That being said, it was a tough week to be a parent. Not because of anything the kiddos were doing - if anything I appreciated their quirks and craziness a little more than usual. But because the whole time the bombings and subsequent manhunt were playing out, I had to work to shield them (mostly Dashiell) from the horrors of what was happening. I had to act like everything was normal, when in reality there were people suffering and scared just 33 miles away from our house. People I could easily know or at least have had contact with. Parts of the city that I have been to were crime scenes. And there were men who wanted to hurt as many people as they could roaming free for days after it happened.
I heard about the bombings while bringing the kids to a nearby park for a playdate. I had very few details, only the radio report that there were two explosions at the marathon finish line. When we got to the park, everyone else was oblivious. But you could see it on the faces of the parents as soon as they heard the news. That glimmer of awareness and shock that something like that could happen so close by, followed by the whispers to other parents, followed by the "everything is fine" mask that we all wore when our kids were watching us. I know all I wanted to do was rush home and watch the news, but there was no way I could let Dashiell see what was happening, and Aurelia didn't need to have those images on auto-loop in her brain, either. Then thinking about everyone I know who could possibly be there - it was tough to hold it together and not openly freak out, I'll be honest.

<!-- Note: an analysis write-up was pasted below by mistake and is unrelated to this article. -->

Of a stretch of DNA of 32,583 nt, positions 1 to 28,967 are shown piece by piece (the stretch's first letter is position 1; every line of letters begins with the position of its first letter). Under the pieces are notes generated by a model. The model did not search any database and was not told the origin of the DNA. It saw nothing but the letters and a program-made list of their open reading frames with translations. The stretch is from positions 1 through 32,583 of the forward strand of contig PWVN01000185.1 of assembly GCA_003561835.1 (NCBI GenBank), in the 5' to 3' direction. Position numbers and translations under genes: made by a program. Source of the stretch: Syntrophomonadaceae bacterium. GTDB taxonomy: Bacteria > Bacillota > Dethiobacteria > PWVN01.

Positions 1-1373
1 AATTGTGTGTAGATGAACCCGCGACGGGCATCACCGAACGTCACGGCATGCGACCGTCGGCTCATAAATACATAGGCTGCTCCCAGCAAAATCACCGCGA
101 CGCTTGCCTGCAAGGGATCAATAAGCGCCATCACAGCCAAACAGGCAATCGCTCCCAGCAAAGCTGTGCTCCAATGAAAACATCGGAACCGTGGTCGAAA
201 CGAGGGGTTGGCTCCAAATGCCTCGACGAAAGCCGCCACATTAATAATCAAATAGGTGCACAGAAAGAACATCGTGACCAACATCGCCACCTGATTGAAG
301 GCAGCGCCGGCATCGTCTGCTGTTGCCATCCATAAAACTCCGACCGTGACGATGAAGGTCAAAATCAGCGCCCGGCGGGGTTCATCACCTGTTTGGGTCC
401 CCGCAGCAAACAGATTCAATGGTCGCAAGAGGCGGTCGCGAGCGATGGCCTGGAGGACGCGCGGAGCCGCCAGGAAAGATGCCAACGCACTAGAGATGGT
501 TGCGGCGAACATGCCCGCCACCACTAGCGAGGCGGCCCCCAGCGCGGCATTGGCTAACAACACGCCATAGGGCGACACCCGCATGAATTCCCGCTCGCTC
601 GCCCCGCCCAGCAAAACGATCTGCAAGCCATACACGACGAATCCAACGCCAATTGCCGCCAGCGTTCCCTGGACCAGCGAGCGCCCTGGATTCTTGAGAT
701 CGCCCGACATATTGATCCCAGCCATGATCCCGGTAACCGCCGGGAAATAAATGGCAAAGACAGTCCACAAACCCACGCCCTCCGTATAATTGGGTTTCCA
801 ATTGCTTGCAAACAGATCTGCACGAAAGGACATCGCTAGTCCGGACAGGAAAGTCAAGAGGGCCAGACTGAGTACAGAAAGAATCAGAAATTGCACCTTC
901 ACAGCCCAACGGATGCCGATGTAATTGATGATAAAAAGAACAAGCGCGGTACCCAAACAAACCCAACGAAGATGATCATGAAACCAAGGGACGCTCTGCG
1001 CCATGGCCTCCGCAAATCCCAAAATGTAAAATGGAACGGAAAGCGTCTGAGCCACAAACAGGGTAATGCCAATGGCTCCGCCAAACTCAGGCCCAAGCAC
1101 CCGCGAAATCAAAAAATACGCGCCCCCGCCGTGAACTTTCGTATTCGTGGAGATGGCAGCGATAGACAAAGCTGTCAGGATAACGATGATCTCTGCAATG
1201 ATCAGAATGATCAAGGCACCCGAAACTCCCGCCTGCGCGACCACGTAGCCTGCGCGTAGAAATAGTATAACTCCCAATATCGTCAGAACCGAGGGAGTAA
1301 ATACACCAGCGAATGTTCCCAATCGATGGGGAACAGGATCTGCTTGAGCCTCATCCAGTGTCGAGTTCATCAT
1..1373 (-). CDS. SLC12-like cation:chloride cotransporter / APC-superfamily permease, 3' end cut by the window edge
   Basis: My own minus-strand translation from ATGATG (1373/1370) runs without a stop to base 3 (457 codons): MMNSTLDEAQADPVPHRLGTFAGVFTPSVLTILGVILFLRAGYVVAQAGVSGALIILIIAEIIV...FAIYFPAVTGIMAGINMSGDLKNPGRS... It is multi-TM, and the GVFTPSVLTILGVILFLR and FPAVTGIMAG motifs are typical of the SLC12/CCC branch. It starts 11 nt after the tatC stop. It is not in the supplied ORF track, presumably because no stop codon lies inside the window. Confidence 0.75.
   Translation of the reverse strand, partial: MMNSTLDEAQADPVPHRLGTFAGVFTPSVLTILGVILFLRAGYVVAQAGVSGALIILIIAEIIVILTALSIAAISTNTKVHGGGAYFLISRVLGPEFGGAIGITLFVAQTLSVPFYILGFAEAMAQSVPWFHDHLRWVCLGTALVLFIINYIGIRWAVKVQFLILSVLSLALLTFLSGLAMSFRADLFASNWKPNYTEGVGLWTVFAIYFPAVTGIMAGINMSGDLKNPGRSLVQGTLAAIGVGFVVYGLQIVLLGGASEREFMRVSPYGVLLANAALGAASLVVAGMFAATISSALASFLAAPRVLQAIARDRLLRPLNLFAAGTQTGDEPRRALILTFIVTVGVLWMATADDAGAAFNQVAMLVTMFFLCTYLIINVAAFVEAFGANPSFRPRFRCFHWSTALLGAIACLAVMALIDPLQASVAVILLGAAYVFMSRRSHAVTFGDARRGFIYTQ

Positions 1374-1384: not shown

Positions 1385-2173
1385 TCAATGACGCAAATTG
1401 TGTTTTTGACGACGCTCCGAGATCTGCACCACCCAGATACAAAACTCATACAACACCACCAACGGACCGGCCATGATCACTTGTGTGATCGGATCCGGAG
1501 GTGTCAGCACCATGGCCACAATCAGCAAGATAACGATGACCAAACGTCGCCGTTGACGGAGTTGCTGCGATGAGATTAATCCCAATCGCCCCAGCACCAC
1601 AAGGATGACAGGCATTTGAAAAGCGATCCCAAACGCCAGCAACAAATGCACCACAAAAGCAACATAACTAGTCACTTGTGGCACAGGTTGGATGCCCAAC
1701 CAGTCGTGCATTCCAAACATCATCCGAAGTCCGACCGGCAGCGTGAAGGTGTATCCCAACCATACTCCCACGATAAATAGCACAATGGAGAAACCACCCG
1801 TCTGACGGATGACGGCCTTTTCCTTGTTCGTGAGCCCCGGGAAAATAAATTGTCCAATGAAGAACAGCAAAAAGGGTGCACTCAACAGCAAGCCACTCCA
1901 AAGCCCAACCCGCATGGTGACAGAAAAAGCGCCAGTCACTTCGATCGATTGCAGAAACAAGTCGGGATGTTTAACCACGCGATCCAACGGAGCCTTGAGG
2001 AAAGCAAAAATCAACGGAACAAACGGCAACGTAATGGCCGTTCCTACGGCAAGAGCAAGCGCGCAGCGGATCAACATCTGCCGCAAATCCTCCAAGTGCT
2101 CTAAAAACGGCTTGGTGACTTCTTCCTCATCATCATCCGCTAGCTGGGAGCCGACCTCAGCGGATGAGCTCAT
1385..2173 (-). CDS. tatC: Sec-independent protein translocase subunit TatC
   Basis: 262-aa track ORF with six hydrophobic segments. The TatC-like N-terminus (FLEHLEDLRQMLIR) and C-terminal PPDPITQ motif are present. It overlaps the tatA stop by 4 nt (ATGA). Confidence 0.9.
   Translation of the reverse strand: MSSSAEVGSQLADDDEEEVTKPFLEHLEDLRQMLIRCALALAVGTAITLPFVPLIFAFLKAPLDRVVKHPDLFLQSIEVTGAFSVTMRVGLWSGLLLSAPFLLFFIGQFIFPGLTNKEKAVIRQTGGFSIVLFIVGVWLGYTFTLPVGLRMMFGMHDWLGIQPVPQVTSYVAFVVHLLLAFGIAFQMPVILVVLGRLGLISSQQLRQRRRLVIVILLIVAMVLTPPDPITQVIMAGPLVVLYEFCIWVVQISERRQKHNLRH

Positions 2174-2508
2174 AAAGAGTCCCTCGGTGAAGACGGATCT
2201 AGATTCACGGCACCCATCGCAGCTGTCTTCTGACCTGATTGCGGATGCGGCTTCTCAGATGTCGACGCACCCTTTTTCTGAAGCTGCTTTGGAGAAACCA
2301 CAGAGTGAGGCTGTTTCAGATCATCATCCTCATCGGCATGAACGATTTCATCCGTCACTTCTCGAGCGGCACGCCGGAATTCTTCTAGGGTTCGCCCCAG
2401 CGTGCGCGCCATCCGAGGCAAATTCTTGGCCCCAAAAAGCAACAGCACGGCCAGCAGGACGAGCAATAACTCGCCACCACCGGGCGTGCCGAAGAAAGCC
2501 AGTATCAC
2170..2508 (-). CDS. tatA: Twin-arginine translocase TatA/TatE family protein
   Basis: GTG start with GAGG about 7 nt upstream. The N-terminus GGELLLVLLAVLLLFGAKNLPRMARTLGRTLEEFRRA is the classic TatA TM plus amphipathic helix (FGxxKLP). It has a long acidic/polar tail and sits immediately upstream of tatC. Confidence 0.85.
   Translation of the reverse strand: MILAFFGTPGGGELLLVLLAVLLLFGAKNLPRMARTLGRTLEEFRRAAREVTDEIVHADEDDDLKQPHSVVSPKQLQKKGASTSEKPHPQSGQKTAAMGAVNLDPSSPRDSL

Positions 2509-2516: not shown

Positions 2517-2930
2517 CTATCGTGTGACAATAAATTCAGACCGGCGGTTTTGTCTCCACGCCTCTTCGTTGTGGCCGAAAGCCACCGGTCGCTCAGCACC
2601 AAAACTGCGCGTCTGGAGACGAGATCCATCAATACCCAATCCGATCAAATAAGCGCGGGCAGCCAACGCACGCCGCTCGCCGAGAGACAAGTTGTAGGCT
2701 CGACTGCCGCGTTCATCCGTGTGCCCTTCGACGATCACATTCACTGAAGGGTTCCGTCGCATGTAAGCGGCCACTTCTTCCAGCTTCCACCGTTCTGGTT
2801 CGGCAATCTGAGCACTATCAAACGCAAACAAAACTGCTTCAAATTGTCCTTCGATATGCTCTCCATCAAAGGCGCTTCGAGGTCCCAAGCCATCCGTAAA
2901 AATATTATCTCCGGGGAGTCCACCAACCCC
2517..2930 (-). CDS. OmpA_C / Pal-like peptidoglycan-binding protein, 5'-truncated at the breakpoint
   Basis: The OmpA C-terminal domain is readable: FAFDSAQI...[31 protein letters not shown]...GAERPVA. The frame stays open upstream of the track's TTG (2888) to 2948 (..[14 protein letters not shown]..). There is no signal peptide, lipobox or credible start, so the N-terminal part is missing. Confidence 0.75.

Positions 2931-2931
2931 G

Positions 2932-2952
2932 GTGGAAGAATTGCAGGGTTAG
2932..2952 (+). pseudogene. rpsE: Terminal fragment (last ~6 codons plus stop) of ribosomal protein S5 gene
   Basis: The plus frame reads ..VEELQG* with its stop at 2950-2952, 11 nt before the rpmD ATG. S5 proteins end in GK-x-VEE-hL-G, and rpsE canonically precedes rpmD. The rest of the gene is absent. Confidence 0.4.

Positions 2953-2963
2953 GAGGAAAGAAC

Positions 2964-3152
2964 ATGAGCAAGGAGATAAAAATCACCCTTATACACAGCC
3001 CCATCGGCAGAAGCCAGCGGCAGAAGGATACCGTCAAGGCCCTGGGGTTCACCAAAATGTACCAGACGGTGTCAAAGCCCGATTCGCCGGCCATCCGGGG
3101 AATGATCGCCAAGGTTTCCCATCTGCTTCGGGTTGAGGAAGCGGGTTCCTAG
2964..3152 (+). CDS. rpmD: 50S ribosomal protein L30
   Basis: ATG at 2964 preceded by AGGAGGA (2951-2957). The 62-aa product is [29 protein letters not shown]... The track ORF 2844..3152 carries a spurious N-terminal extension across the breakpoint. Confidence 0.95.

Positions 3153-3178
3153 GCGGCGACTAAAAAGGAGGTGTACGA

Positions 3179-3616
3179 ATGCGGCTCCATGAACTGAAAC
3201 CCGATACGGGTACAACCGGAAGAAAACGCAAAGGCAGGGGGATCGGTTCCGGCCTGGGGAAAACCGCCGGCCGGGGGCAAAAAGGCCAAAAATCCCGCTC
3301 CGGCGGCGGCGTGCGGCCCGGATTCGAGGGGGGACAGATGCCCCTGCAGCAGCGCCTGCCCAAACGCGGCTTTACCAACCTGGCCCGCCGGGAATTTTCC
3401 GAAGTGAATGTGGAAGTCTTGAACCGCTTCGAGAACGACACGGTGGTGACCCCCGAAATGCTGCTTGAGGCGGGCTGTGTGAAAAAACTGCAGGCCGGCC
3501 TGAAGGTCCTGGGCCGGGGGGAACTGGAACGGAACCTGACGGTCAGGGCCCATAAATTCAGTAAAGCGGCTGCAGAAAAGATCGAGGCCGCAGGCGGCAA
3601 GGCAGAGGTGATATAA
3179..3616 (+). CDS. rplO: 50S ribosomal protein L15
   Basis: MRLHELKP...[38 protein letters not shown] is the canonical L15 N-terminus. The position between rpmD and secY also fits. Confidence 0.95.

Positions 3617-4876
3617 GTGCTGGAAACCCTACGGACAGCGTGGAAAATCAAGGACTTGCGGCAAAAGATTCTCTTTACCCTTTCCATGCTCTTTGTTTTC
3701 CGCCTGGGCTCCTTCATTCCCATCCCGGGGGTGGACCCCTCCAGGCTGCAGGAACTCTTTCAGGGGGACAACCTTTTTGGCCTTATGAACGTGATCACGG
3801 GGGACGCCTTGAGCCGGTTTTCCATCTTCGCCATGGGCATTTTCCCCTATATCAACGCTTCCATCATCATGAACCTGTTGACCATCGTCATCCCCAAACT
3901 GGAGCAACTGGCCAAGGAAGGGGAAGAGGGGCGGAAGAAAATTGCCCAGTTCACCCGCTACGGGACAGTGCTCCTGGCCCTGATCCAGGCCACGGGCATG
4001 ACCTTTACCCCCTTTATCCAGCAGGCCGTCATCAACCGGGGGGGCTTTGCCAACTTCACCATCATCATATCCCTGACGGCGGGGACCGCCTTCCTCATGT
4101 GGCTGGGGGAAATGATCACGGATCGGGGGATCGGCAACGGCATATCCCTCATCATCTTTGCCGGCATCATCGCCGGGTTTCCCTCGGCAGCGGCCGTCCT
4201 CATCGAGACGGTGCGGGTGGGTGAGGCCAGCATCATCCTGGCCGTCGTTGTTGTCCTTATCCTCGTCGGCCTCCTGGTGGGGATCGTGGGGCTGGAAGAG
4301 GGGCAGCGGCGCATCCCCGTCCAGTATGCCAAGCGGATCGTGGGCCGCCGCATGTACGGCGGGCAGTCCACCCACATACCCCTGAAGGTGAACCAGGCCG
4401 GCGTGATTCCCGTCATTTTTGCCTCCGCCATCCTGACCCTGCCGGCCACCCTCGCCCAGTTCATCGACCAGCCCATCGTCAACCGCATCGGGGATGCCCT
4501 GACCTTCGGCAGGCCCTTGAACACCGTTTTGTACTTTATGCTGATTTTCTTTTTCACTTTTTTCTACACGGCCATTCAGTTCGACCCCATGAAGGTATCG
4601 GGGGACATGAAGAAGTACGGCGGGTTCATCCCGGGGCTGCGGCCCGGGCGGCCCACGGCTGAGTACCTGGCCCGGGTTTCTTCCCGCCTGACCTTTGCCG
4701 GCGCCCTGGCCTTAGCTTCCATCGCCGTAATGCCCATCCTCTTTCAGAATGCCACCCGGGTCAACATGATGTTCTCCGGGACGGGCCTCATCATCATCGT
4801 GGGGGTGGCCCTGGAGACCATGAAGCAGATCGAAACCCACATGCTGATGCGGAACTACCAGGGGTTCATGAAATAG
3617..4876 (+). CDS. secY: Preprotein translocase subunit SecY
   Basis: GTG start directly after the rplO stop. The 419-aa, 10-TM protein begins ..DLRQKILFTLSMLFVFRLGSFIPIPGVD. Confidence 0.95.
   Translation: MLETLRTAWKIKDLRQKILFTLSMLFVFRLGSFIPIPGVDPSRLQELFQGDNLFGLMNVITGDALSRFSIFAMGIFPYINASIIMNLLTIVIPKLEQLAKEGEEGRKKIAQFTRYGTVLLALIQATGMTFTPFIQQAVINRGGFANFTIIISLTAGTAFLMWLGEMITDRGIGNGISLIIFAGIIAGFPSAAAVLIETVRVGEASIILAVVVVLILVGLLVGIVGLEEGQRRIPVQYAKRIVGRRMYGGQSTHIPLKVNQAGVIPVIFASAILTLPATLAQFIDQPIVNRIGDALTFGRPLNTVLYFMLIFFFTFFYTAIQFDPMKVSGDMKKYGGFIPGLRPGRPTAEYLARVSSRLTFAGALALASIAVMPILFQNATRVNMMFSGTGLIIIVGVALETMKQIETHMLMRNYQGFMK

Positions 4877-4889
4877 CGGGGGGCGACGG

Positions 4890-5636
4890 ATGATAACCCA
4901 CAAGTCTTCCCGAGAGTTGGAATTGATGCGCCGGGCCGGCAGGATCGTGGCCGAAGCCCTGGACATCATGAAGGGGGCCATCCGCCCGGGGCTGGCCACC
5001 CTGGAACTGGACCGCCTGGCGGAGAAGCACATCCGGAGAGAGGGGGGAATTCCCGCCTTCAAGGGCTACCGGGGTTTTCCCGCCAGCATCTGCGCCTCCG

Obliviously playing in the sand the afternoon of the Marathon.
If only we could all be so lucky.
However, I am thankful that my kids gave me an excuse to NOT watch the news obsessively. They were a blessed distraction. And they gave me something else to think about while the world was trying to figure out who on earth could do something so awful.
Thankfully the manhunt is over, and Boston is beginning to heal. We spent Sunday with Rick's family at the Public Garden, visiting the Make Way for Ducklings statues and enjoying the beauty of the city.
I may not live in Boston, but the city is what drew me out here over 15 years ago, and the people I've met have kept me here (happily!). I am proud of the people here who jumped at the chance to help those who needed it, and of the law enforcement officials who worked so hard to put an end to this saga. There are truly good people in the world, and this week was a reminder that they - the good people - outnumber the bad.